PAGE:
Much of the attention in Ottawa’s office market has focused on the downtown in recent years thanks to declining vacancy rates, tech firms heading into the core and the imminent opening of the first phase of the city’s light rail transit line.
That has prompted speculation about where the next major office tower might be constructed. Much of that attention focuses on Morguard Corp. (MRC-T), the largest commercial property owner and manager in the National Capital Region. However, when Morguard CEO K. Rai Sahi speculates about his next major project, he looks a bit east of the core.
To the expansive St. Laurent Shopping Centre property.
“Office? We are looking at St. Laurent shopping centre,” Sahi told RENX during a discussion this week in Ottawa, where he opened Morguard’s new downtown two-tower, dual-branded Hilton hotels. “We have some excess land there. Now, with the train being there we could build an office there, or a combination with an apartment building; we could even build another hotel there.”
“Major development opportunity” at St. Laurent
Sahi didn’t say a new office building is imminent — despite the fact there have been no major new downtown towers in five years. However, he made it clear St. Laurent is getting a lot of scrutiny as Morguard, and most other retail property owners, consider ways to maximize density at these assets while also driving new traffic to their doors.
“Major development opportunity at St. Laurent is our focus,” Sahi said. “(The question) is, what do we want to do?”
This is part II of our interview with Morguard executives. See also: Morguard opens ‘crown jewel’: Two Ottawa Hilton hotels
St. Laurent is Ottawa’s third-largest mall, with about 870,000 square feet of gross leasable area, about 180 stores and services and an existing bus transit hub. Its expansive parking lots contain more than 4,000 spaces and exit onto the city’s main thoroughfare, Hwy. 417.
It also sits just a half-dozen LRT stops from the downtown core.
“With the train being there, St. Laurent is really just part of downtown,” Sahi observed.
LRT will also “open up” suburbs
While part of the raison d’être for Ottawa to build its LRT is to move people more efficiently in and out of the core, Sahi said it has another major effect seen in every city which has instituted rail transit, including Vancouver, Toronto and Montreal.
“There is a double edge to that,” he explained. “You see it in other parts of the country, Vancouver, Montreal. When the transit stops come in, it opens up the suburbs. You see, now it is easier for somebody to work, say, at a place like St. Laurent. Take a train and you don’t have to work downtown.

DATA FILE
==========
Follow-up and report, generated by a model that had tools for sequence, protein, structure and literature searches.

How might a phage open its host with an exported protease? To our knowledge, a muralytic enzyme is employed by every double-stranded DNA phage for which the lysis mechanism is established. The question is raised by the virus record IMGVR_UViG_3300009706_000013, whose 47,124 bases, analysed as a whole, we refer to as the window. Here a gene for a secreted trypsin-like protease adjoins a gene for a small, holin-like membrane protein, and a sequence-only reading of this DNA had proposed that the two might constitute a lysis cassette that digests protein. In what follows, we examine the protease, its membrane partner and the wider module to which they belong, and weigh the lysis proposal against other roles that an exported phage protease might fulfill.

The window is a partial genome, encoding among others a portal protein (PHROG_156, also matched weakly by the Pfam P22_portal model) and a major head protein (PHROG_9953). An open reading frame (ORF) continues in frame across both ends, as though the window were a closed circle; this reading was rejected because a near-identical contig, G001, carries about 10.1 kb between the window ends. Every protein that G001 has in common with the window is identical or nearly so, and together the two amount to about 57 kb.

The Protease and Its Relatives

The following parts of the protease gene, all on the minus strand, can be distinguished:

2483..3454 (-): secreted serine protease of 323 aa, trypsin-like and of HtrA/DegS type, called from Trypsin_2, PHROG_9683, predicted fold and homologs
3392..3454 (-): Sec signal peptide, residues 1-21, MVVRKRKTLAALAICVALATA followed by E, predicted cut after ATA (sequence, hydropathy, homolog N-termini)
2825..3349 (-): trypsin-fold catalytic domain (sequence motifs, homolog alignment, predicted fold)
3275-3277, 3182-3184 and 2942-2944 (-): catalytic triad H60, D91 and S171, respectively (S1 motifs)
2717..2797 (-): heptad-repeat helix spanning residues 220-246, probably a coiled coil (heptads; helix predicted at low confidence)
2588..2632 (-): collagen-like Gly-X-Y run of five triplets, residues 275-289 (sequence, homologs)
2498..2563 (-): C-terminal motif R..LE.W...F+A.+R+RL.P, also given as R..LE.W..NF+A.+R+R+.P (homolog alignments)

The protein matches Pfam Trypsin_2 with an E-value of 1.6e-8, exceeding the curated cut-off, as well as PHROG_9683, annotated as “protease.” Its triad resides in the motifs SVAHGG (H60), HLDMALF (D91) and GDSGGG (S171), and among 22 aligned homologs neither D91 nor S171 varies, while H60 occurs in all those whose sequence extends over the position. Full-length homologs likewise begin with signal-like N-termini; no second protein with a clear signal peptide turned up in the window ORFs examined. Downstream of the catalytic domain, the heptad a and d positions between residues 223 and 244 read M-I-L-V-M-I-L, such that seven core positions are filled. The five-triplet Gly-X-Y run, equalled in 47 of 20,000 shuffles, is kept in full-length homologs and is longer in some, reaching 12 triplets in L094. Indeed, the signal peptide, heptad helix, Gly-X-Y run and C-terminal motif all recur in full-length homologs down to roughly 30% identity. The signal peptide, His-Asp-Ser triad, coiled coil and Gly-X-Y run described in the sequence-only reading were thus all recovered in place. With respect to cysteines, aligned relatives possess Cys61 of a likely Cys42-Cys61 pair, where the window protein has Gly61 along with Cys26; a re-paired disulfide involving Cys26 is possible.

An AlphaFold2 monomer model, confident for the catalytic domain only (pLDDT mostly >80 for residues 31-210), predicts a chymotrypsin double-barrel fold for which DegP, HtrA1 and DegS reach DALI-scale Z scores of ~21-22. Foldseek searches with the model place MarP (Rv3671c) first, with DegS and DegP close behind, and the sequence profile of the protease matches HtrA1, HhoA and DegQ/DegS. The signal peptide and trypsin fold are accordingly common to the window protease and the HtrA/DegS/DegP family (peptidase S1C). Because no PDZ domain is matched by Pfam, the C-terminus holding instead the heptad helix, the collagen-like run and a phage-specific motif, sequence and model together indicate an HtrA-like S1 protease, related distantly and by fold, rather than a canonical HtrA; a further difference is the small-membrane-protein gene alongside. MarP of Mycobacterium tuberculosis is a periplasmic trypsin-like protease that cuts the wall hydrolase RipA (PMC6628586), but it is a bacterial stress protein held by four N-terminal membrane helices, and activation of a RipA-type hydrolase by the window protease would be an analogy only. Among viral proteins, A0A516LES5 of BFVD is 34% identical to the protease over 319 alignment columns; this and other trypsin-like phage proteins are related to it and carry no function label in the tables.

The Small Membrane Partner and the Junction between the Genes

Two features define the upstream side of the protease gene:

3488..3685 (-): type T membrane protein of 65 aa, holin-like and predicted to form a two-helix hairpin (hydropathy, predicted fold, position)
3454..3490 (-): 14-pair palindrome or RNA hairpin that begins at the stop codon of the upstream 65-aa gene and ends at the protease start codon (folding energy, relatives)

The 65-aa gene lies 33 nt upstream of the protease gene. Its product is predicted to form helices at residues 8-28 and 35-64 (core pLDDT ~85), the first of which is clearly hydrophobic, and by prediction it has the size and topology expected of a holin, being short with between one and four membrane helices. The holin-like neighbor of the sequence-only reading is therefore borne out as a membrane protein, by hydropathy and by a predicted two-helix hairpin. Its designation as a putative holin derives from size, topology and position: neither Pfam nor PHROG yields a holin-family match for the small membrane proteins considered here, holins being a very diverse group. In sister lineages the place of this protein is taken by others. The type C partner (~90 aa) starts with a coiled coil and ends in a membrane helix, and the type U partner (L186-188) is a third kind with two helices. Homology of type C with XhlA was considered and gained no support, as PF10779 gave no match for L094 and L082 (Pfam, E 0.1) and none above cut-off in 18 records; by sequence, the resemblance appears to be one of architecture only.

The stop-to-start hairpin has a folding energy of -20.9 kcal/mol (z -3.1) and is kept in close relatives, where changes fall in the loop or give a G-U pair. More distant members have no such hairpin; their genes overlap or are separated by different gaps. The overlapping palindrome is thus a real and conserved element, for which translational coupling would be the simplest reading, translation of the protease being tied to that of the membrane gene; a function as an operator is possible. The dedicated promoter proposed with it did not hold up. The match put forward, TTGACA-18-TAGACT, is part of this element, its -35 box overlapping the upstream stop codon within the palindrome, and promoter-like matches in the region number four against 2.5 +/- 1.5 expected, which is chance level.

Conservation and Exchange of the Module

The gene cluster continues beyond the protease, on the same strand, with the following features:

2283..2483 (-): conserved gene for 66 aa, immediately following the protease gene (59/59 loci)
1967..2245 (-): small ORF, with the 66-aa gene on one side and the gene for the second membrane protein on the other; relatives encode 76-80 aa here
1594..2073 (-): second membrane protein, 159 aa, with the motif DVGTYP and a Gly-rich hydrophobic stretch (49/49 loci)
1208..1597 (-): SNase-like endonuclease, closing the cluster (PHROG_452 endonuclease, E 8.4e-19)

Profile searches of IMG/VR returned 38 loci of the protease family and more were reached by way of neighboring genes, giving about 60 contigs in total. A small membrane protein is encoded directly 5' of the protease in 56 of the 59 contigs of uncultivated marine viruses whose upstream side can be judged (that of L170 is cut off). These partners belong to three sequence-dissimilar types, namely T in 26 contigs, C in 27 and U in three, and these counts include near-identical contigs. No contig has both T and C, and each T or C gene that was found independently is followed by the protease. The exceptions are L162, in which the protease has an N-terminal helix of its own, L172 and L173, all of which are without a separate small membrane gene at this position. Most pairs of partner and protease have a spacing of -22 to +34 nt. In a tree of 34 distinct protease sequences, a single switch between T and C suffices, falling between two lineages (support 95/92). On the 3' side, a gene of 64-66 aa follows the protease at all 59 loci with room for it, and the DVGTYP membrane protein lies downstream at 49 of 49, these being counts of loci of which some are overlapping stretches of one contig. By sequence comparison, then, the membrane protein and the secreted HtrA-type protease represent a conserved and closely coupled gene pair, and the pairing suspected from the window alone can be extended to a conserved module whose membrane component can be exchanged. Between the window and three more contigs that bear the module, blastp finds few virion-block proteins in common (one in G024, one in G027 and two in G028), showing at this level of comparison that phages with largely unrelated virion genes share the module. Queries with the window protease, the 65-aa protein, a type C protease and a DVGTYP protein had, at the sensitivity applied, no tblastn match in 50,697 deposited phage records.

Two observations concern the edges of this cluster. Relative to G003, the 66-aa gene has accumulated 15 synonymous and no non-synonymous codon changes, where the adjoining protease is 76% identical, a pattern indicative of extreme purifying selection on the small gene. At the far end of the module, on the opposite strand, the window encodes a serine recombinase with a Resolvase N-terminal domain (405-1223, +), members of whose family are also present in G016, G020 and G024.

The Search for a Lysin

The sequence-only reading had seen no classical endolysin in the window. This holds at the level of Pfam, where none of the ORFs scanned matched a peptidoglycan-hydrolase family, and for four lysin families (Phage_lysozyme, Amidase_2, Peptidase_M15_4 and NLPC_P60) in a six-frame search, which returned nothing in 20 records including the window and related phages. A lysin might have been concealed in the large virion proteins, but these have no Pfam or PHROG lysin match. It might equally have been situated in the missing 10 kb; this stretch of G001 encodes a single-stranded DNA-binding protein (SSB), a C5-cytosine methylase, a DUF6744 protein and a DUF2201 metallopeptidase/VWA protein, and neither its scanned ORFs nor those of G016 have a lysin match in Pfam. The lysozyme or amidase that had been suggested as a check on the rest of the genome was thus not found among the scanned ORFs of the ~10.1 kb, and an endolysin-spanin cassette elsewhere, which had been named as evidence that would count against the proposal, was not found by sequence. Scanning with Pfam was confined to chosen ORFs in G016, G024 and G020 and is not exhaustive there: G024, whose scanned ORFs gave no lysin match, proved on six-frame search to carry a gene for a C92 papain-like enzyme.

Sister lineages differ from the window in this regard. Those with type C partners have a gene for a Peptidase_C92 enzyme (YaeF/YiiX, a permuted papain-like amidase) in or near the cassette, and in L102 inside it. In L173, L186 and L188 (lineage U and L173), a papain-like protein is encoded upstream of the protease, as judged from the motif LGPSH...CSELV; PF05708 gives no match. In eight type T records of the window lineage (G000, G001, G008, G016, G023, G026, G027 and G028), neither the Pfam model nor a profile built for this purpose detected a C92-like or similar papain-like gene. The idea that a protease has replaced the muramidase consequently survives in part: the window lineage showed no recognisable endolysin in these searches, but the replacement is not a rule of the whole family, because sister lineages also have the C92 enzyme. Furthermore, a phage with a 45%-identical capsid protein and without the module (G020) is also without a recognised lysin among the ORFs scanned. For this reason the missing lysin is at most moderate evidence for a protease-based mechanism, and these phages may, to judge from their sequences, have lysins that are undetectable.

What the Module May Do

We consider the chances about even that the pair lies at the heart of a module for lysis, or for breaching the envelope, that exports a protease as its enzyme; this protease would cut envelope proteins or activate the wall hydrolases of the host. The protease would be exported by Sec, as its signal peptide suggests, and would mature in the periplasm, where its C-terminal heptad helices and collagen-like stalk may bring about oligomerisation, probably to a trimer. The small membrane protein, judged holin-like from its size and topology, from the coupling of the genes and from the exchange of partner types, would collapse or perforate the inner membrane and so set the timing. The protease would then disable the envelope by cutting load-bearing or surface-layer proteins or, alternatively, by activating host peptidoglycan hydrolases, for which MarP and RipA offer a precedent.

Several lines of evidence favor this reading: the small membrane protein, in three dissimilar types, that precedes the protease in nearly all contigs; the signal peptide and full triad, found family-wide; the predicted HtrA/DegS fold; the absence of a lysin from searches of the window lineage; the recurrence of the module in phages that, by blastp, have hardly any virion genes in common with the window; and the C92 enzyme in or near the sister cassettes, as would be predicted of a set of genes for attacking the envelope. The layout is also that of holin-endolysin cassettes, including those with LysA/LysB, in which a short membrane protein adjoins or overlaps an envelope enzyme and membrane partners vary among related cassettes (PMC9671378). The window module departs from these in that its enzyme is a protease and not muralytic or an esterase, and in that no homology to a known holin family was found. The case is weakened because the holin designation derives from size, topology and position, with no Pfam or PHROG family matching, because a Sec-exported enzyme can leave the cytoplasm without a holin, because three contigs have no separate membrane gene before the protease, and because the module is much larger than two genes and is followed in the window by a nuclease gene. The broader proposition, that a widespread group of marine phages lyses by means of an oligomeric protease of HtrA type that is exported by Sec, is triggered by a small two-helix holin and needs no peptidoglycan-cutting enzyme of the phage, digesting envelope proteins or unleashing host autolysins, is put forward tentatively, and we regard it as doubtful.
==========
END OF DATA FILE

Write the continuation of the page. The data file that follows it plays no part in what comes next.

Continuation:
“That opens up a lot of supply because there is a lot more land in the suburbs. We’ve seen that in Toronto and Vancouver. Vancouver has gone 30 miles out, and Toronto has gone past Hamilton.”
As for when such a project might happen, Sahi wasn’t willing to commit. While Ottawa’s office market has steadily tightened to 7.5 per cent according to the latest numbers from CBRE, rents have declined slightly.
In the last quarter, average net asking rents were at $23.19 per square foot for class-A space, down 63 cents, dampening any developer enthusiasm for a major office build.
“Presently, the rents are not going up, they have come off a bit, so it is the wrong time to actually bring a new project, notwithstanding it takes five years from start to finish,” Sahi said.
Morguard’s success at Performance Court
However, Sahi has taken chances in the past. Morguard built the downtown building which now houses the Ottawa CBC broadcast centre. It then took a larger leap in building the 21-storey, 360,000-square-foot, class-A Performance Court on Elgin Street, which completed in 2014.
“That we built on spec. I took a chance. We had one tenant. We kind of had to make a decision to go for it, and I made the decision,” Sahi said, noting that in a city where about 60 per cent of office space is occupied by the federal government, this building has no government tenants.
“That is essentially a non-government building. Shopify came up, CIBC came and the accountants, KPMG. Before we knew it, it was 100 per cent leased.
“Now, will I do another one? I don’t know yet.”
However, he agrees Morguard is probably best-positioned to take the leap when an opportunity presents itself. As numerous other major landlords have sold properties in Ottawa — he mentions investors such as Brookfield, CPPIB and OMERS — Morguard has been steadily expanding its ownership in the market.
More than five millon square feet
Morguard currently owns more than five million square feet of commercial property in the National Capital Region (including neighbouring Gatineau), as well as four golf courses and other property. Morguard also manages other buildings, and Sahi says it will buy more if the property, and the price, are right.
“We at Morguard have chosen Ottawa as one of the most important cities where we want to be. So, we have not just medium-term, but a long-term plan to continue to grow. We look at everything somebody else will try to sell.”
That means it has several options for possible redevelopment or densification, including an entire city block right in the core bounded by Bank, Slater and Laurier Streets just steps from Parliament Hill.
As Sahi says, “we do have available land, in a bunch of locations. So if some kind of opportunity comes, then we would.
“In the long run, there has to be something new built, because some of the government buildings are getting pretty old.”